"We have been talking of you — ask Mrs. Thrale what I say of you — I have found out your schemes, shy as you are. Dr. Delap, too, heard how I discovered you."

"Oh, but Dr. Delap," answered Mrs. Thrale, "is the best man in the world for discoveries — for he'll forget every word by to-morrow — shan't you, Dr. Delap?"

"Not Miss Burney!" cried the doctor gallantly, I'm sure I shan't forget Miss Burney!"

When Mrs. Thrale gave the signal for our leaving the gentlemen, Dr. Delap, as I past him, said in a whisper, "Have you read it?"

"No, not quite."

"How do you like it?"

I could make but one answer. How strangely ignorant of the world is this good clergyman, to ask such a question so abruptly!

We were engaged to finish the evening at Major H—'s, but as I feared hurting Dr. Delap by any seeming indifference, I begged Mrs. Thrale to let me stay at home till I had read his play, and, therefore, the rest of the party went before me.

I had, however, only three Acts in my possession. The story is of the daughter and widow of Hercules — and, indeed, I liked the play much better than I expected to do. The story is such as renders the author's ignorance of common life and manners not very material, since the characters are of the Heroic age, and therefore require more classical than worldly knowledge, and, accordingly, its only resemblance is to the tragedies of Eschylus and Sophocles.

Saturday, May 29.

[Early in the morning, the kind Mrs. Thrale brought me your letter, saying, "Here, — here's news from home! My master would have had me keep it till breakfast; but I told him he, did not love you so well as I did; he vowed that was not true, — but it's plain it was, for I was in most haste to make you happy."]

After breakfast, Mrs. and Miss Thrale took me to Widget's, the milliner and library-woman on the Steyn. After a little dawdling conversation, Captain Fuller came in to have a little chat. He said he had just gone through a great operation — "I have been," he said, "cutting off the hair of all my men."

"And why?"

"Why, the Duke of Richmond' ordered that it should be done, and the fellows swore that they would not submit to it, — so I was forced to be the operator myself. I told them they would look as smart again when they had got on their caps; but it went much against them, they vowed, at first, they would not bear such usage; some said they would sooner be run through the body, and others, that the Duke should as soon have their heads. I told them I would soon try that, and fell to work myself with them."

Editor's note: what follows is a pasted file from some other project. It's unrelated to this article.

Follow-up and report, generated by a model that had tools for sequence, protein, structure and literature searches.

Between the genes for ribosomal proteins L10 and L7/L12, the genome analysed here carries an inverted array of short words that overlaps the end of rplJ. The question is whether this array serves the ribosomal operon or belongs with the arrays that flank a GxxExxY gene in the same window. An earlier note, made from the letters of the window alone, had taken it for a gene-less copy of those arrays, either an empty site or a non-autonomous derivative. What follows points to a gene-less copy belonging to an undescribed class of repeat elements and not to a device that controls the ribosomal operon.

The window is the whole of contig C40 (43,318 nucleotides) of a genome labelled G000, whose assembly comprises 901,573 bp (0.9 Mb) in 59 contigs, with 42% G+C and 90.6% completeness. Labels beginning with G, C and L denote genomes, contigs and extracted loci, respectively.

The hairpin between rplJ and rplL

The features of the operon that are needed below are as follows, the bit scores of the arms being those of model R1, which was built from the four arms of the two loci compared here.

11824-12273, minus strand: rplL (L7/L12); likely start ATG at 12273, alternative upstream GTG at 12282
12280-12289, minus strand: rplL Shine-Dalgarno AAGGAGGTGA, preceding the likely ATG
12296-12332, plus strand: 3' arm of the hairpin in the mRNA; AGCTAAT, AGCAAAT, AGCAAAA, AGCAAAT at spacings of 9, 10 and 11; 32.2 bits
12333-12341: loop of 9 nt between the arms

"And how did they bear it?"

"Oh, poor fellows, with great good-nature, when they found his honour was their barber: but I thought proper to submit to hearing all their oaths, and all their jokes; for they had no other comfort but to hope I should have enough of it, and such sort of wit. Three or four of them, however, escaped, but I shall find them out. I told them I had a good mind to cut my own hair off too, and then they would have a Captain Crop. I shall soothe them to-morrow with a present of new feathers for all their caps."

[Presently we were joined by Dr. Delap and Mr. Murphy. The latter, taking me aside, said,

"Has Mrs. Thrale told you what I said?"

"I don't know, — she has told me some odd sort of — nonsense, I was going to say."

"But, do you know the name I have settled to call you by

"No."

"Miss Slyboots! — that is exactly the thing! —"Oh, you are a wicked one! — I have found you out!"

"Oh, to be sure I but pray, now, don't tell such a name about, for if you give it, it will soon spread."

Then he began upon the second Act; but I feared being suspected, and stole away from him.]

Different occupations, in a short time, called away all our gentlemen but Dr. Delap; and he, seating himself next me, began to question me about his tragedy. I soon said all I wanted to say upon the subject, — and, soon after, a great deal more, — but not soon after was he satisfied; he returned to the same thing a million of times, asked the same questions, exacted the same compliments, and worked at the same passages, till I almost fell asleep with the sound of the same words; and at last, with what little animation was left me, I contrived to make Miss Thrale propose a walk on the Steyn, and crawling out of the shop, I sought, — and found, — revival from the breezes.